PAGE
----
CHICAGO (Reuters) - CME Group Inc, which has given $22 million to Chicago-area schools and charities over the past five years, has stopped making grants through its main foundation, citing the collapse of MF Global Holdings Inc.
Investigators are still searching for hundreds of millions of dollars of customer funds that CME says were improperly siphoned off in the brokerage’s final days to plug its escalating liquidity needs.
Last month, the exchange operator said it would give former MF Global customers the entire $50 million held by CME Trust, which was originally designed to help traders caught out by a broker default but that in recent years has been a mainstay of the CME’s charitable giving.
“CME Group will continue to honor some previous Trust commitments going forward - even after the $50 million is paid out,” CME spokeswoman Laurie Bischel said. “Though the CME Trust will be used to help customers of MF Global, CME Group remains committed to our communities and will continue to provide support to charitable organizations as possible through our other programs and corporate foundations.”
She declined to specify the overall level of future grants and it is unclear if other programs could partially or fully make up the loss of the Trust’s contributions. CME charitable giving has gone up and down through the years.
CME Trust was established in 1969 to provide financial assistance to customers if a brokerage became insolvent.
Federal rules requiring brokers to keep client money separate from their own made the prospect of customers actually losing money in a broker default seem so remote that the CME’s board in 2005 voted to turn the Trust into a charitable foundation.
In 2008, after giving millions of dollars to local institutions, the Trust launched CME Group Foundation with a $16 million grant, and pledged to make annual donations to support the Foundation’s grant-making. The Foundation has become the exchange operator’s biggest charitable giver, doling out more than $6 million last year alone.
But in the early hours of October 31, the day MF Global filed for bankruptcy, the brokers’ executives made what regulators have since said was a shocking disclosure - that money had been moved from customer accounts to the firm’s accounts, and was now missing.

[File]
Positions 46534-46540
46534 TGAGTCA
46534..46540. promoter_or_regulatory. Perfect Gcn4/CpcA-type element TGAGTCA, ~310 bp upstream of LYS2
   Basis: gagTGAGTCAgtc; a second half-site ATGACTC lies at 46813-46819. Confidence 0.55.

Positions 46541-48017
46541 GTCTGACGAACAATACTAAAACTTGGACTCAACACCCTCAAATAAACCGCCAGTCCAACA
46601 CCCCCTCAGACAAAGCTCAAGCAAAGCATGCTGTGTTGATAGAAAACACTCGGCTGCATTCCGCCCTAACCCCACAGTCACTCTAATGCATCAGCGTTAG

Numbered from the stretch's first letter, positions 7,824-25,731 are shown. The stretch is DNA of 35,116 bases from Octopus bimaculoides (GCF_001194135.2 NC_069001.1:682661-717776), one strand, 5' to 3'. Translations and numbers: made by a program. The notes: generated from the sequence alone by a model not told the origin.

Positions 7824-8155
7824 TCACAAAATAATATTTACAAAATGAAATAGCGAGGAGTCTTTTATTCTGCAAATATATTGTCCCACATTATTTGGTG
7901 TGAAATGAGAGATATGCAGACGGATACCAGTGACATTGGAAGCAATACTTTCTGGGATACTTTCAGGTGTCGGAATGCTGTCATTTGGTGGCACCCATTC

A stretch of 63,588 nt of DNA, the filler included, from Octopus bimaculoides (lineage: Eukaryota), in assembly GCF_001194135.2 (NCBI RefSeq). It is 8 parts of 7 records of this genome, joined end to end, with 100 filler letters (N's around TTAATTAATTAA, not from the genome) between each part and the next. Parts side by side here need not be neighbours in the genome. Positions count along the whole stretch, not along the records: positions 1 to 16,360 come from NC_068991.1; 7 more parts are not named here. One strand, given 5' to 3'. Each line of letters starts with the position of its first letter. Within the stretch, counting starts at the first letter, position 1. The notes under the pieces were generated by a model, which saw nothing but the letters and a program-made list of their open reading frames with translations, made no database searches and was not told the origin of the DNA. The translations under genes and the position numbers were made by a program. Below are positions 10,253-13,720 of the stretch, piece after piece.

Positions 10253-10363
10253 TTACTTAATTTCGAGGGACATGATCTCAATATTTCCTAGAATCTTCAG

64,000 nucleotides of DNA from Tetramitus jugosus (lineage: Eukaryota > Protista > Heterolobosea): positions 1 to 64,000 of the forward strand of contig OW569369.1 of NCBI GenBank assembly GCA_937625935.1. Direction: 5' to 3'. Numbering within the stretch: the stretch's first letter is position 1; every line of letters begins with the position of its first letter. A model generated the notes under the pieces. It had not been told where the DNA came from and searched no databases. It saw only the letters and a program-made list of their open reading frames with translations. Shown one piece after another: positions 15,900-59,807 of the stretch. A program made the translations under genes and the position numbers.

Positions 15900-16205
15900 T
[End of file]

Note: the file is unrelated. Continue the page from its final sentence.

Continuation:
In mid-November, CME’s board voted to turn CME Trust back to its original purpose.
It is now clear that decision will mean less money for Chicago-area universities, charter schools and institutions aimed at early childhood education, a look at CME Group Foundation’s recent record of charitable giving shows.
“All new CME Group Foundation grant proposals will be put on hold until further notice,” the Foundation now says on its website. “We apologize for any inconvenience this may cause grant applicants.”
The news comes a day after CME won a months-long battle for a tax break from the state, which had hiked the corporate tax rate in January in an effort to plug a budget shortfall.
The legislation, signed by Illinois Governor Pat Quinn on Friday, will reduce CME’s tax bill compared to what it was before the tax hike, shaving off about $77 million annually when it takes full effect in 2014.
CME operates the Chicago Board of Trade, the Chicago Mercantile Exchange, and the New York Mercantile Exchange, and only its own customers will be eligible for reimbursements.
Funds would be paid out after the bankruptcy trustee determines the money is really gone. CME Executive Chairman Terrence Duffy this month estimated the shortfall at $700 million to $900 million.
Among the biggest beneficiaries of CME Group Foundation largess in recent years are the Renaissance Schools Fund, which supports charter schools and has received $3.1 million since 2006; the University of Chicago, which has received $2.5 million since 2006; and the Erikson Institute, which specializes in early childhood education and has received $1.625 million.
Other big recipients include several Chicago-area universities, the Big Shoulders Fund and the Ounce of Prevention Fund, which focuses on early childhood intervention in at-risk populations.
“We have been assured that the CME Group Foundation will honor its existing multiyear commitment to the Ounce,” a spokeswoman for the organization, which received a $1 million four-year grant this year, told Reuters.
The Foundation also supports dozens of charities with smaller grants funding pediatric medical and cardiovascular research, cancer care, and a variety of educational services.
Two smaller charitable arms, the CME Group Community Foundation and the CBOT Foundation, are not affected by the MF Global debacle. Their donations last year totaled just over $1 million.
All grants previously approved will be honored, CME Group Foundation said on its website.
Reporting by Ann Saphir; Editing by Eric Walsh, Martin Howell